When you’ve given your time in service to doing “the hard work,” aka, Healing Your Shit, you see the benefits. The temptation to avoid, here, is to sign yourself up for “more hard work” without ever stopping to enjoy those benefits.

The fear underpinning all of this? That you won’t know who you are if you let life get really, really good. That you’ll never actually outrun that past pain.

When you’ve spent a lot of time wading through all of the darkness and trying to get a small glowing ember of light to be full on ablaze, it’s easy to forget that all of this mucky darkness? It’s just a stop along the way. It’s not where you’re supposed to live.

The muck has its place, its purpose. Its purpose is to be healed. You’re here to start a revolution from within, one that starts with you, and expands outward.

Too many of us are light-bringers who forget that at some point, we need to cut ties with pain and suffering, so that we can live fully within the light.

It’s always got to start from within. Whatever you aren’t giving to yourself, you’ll have no capacity to give to anyone else.

Note: that’s how self-help can become parasitic and start to dissolve the host (that’d be you, babe). When we get so busy looking for the next thing to heal and keeping our joy under a lid because we don’t think we can really celebrate until we’ve lined up more of our life’s circumstances, we’re not practicing healing. We’re practicing perfectionism.

And perfectionism, as writer Elizabeth Gilbert has said, “is just fear, in nicer clothes.”

You’ve Given. Now Receive.

Like so many of you, I’ve spent years self-identifying as having “Issues” that “needed work.”

Truth? I don’t have quite as many issues, anymore. Still have ‘em, yes. Just not as many, and they don’t feel as intense.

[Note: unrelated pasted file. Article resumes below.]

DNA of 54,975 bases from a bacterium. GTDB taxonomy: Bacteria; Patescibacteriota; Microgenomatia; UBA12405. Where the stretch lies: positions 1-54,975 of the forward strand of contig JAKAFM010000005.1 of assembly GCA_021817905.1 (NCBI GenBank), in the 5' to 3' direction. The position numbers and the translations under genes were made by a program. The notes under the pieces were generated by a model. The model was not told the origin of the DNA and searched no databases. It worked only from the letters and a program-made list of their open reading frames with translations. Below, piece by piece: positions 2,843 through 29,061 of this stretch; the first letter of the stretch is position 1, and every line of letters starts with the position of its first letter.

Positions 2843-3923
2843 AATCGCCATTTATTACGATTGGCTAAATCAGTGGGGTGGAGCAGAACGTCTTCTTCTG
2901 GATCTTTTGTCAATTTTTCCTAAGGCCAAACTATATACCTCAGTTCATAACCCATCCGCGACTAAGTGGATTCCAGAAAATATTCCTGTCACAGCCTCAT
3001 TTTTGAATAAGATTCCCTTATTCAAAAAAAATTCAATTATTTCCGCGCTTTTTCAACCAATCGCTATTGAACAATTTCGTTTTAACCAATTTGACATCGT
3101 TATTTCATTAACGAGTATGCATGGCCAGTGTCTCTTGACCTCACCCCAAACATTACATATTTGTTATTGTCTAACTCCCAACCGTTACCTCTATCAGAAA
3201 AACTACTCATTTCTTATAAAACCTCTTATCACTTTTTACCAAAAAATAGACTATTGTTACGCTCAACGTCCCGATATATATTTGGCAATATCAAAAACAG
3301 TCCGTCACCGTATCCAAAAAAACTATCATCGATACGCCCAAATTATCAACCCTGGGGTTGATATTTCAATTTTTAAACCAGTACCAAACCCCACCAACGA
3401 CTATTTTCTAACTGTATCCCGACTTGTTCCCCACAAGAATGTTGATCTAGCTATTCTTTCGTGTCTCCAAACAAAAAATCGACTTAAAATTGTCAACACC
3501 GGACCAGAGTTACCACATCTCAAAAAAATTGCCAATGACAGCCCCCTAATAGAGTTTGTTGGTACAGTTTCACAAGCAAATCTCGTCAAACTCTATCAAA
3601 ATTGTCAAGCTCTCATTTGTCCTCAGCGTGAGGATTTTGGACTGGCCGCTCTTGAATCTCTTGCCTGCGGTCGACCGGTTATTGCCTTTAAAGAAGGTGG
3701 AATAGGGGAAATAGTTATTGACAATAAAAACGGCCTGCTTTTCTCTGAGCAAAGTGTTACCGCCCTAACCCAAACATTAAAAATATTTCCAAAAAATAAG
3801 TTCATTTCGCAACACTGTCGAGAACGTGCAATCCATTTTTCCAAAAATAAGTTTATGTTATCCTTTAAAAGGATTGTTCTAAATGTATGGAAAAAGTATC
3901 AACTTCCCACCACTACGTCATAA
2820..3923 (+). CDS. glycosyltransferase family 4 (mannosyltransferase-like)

Friends are beyond what I ever could have imagined, these powerhouses of women surrounding me. My house of money and career is rocking a sexy slow jam. My husband and I leave nothing unsaid. In any relationship conflict, perhaps for the first time in my life, I’m clear and grounded in what integrity and compassion look like. Best of all, every time my daughter smiles, it’s clear: I am winning at life.

To be honest: This is Kate, figuring out a new Kate. This new person is someone who doesn’t need people’s approval as much. Someone who knows how to say “no” with grace. Someone who knows how to make requests without attachment. Someone who is willing to release relationships that don’t have a shared vision around what respect looks like. Someone who has more fun, smiles more, laughs more. Someone who prioritizes self-care even when she’s up against deadlines.

In other words, someone who’s getting the fruits of all of that “hard work.”

So yeah, I thought to myself the other day, as something worked out for me rather seamlessly. I think it’s time to drop the storyline that life is…hard. What if it’s just…easeful? What if I just keep thinking it’s hard and looking for what’s hard because…that’s what I’ve been doing for so long, that I’ve forgotten to just soak in the expansion?

I’ll always be an advocate for people having a willingness to look at what’s not working in their lives. Numbing out is endemic in our society and just simply practicing the courage to pay attention is already a huge first step.

But the flip-side is this: if we want to be light, we’ve got to live in the light. All the way, and with our whole hearts.

My Top 10 Lessons in Leadership From More Than a Decade of Teaching

So you might’ve picked up on the fact that I lead a life coach training program. Graduates of the program are given the option to become licensees to teach some content from the Courageous Living Program as part of a group coach offering (my thinking being that instead of having to create an entire course curriculum as a brand-new coach, it would be great to give our graduates something that they can start teaching).

As I have been working on the training for this licensing offering, I started reflecting on the top lessons of leadership that I’ve learned from more than a decade of teaching. So here it is–the hard-won wisdom, the mistakes made, the lessons learned, the celebrations of how sacred the contract is between teacher and student.

1. You cannot be all things, for all people. This is the biggie. Trying to be all things for all people will only exhaust you. Keep coming back to the center of yourself, and the center of why you created the group experience that you did.

2. Upholding the integrity of the group is the leader’s job. Integrity is: when your words and actions match, and they are in alignment with your values, beliefs, commitments, and life vision (Matthew Marzel). You can’t make people do anything that they don’t want to do, but you can uphold the integrity of the group and its purpose. A leader who fails to address a lack of integrity is just colluding with it.